Transport Museum, Budapest
If you're staying in Budapest for more than just a few days, or the weather is bad for taking photos or hiking through the city, you can also go the the Transport Museum in Városliget. Albeit it's a relatively small display (after all, displaying is just one of the many tasks of a museum), and also a bit old-fashioned if you compare it to better-financed institutions of the world, it might still be of interest to you!
The site of today's museum was built in 1896 as the "Transportation Hall" for the Milleneum Exhibition. Three years later the Royal Hungarian Transport Museum was opened in the same building. Unfortunately in 1944 the museum has sustained damage during the bombing of Budapest - only about one third of the exhibits were spared. The building was restored in a simple style without its ornaments and dome (here's a link how the building originally looked like) and reopened in 1966. Due to the small space, most exhibits in the area of railway and shipping are scale models - of course the museum's collection of 1:5 steam engine models was famous even before the war.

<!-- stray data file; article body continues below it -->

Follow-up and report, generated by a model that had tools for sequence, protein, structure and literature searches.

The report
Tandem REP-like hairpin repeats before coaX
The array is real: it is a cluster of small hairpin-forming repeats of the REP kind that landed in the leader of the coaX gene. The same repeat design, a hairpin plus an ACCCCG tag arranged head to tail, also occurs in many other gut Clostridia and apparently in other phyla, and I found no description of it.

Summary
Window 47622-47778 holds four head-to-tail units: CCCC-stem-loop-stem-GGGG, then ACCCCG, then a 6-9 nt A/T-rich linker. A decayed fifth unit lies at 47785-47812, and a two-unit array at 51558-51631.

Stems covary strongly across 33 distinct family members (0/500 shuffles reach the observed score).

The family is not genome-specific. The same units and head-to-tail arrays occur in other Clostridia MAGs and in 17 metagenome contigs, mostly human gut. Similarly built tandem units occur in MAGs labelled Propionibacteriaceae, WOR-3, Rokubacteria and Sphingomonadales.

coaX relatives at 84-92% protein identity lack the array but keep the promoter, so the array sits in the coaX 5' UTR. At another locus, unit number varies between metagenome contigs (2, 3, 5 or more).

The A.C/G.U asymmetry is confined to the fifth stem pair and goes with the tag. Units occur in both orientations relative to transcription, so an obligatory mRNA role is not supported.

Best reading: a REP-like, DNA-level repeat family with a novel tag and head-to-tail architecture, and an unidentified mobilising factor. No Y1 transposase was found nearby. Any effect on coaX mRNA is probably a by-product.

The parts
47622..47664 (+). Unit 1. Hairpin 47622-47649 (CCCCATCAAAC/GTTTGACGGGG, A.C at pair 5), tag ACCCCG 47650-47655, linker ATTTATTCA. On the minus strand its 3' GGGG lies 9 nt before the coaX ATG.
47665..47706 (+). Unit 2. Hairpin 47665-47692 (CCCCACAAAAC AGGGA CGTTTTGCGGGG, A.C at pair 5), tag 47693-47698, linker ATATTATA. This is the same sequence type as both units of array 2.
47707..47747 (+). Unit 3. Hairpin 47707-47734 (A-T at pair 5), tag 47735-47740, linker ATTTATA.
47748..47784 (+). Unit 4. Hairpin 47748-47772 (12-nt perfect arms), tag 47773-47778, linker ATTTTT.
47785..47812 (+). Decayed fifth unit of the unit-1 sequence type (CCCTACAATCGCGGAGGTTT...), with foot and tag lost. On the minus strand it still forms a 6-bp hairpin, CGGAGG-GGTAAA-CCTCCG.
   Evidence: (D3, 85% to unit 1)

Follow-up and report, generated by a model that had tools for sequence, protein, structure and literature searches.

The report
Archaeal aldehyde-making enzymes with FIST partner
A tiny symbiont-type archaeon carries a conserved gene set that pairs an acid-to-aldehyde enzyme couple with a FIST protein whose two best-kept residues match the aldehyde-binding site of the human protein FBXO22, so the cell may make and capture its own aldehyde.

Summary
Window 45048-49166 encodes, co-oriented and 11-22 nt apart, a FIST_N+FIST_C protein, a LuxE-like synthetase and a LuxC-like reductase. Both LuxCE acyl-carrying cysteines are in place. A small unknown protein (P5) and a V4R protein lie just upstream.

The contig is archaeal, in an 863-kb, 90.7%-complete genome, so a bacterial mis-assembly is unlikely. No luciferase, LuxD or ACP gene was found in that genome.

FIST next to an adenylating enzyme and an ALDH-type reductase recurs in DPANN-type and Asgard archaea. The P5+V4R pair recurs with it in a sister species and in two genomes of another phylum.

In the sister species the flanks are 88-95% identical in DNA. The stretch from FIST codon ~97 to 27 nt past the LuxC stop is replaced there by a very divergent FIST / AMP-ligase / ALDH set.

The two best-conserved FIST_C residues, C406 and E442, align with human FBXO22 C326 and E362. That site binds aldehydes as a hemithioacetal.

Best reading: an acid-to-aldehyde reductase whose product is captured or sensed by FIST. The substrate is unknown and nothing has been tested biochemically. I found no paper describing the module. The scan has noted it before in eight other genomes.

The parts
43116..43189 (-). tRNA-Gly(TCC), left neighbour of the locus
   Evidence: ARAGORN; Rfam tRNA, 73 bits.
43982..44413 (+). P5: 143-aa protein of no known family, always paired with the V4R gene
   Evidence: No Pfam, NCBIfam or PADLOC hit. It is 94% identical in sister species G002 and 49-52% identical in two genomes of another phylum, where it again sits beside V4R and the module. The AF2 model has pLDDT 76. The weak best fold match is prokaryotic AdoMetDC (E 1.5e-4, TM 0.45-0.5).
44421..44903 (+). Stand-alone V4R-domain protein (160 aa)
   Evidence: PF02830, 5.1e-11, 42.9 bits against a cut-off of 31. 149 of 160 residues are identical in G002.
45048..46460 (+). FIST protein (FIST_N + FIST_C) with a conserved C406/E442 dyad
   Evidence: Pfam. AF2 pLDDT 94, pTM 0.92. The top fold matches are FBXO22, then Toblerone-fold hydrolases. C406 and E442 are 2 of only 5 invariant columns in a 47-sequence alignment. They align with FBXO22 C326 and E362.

Today, what we can see in the building in Városliget (which was extended in the 80s), is just a fragment of what is preserved. Besides this site, the museum has a large storage warehouse in Tatai út, which is closed for visitors. There are also a number of other exhibition sites, operated jointly with other organisations. These include the Subway Museum at Deák Ferenc tér, the Kossuth steam boat (and restaurant:) on the Danube river near Eötvös tér, the coach museum in Parád, the Nagycenk Railway Museum operated by GySEV/ROeEE, the Kiskőrös road museum, the Aviation Museum in Petőfi Csarnok (just a few hundred meters from this museum), the Hungarian Railway Museum in Tatai út shared with the state railways, and the Urban Public Transit Museum in Szentendre shared with the BKV.
The museum can be reached by walking through the park from the Széchenyi fürdő station of the Shallow Subway, or with trolley bus line 70 (stop name: Hermina út), 72 and 74 (stop name: Erzsébet királyné útja), by walking a bit from tram line 1 (stop name: Erzsébet királyné útja) or by walking quite a bit from the buses 5, 7, 173, 173E (stop name: Zugló vasútállomás). The entrance on the side facing the park, and not right at the trolley bus lines.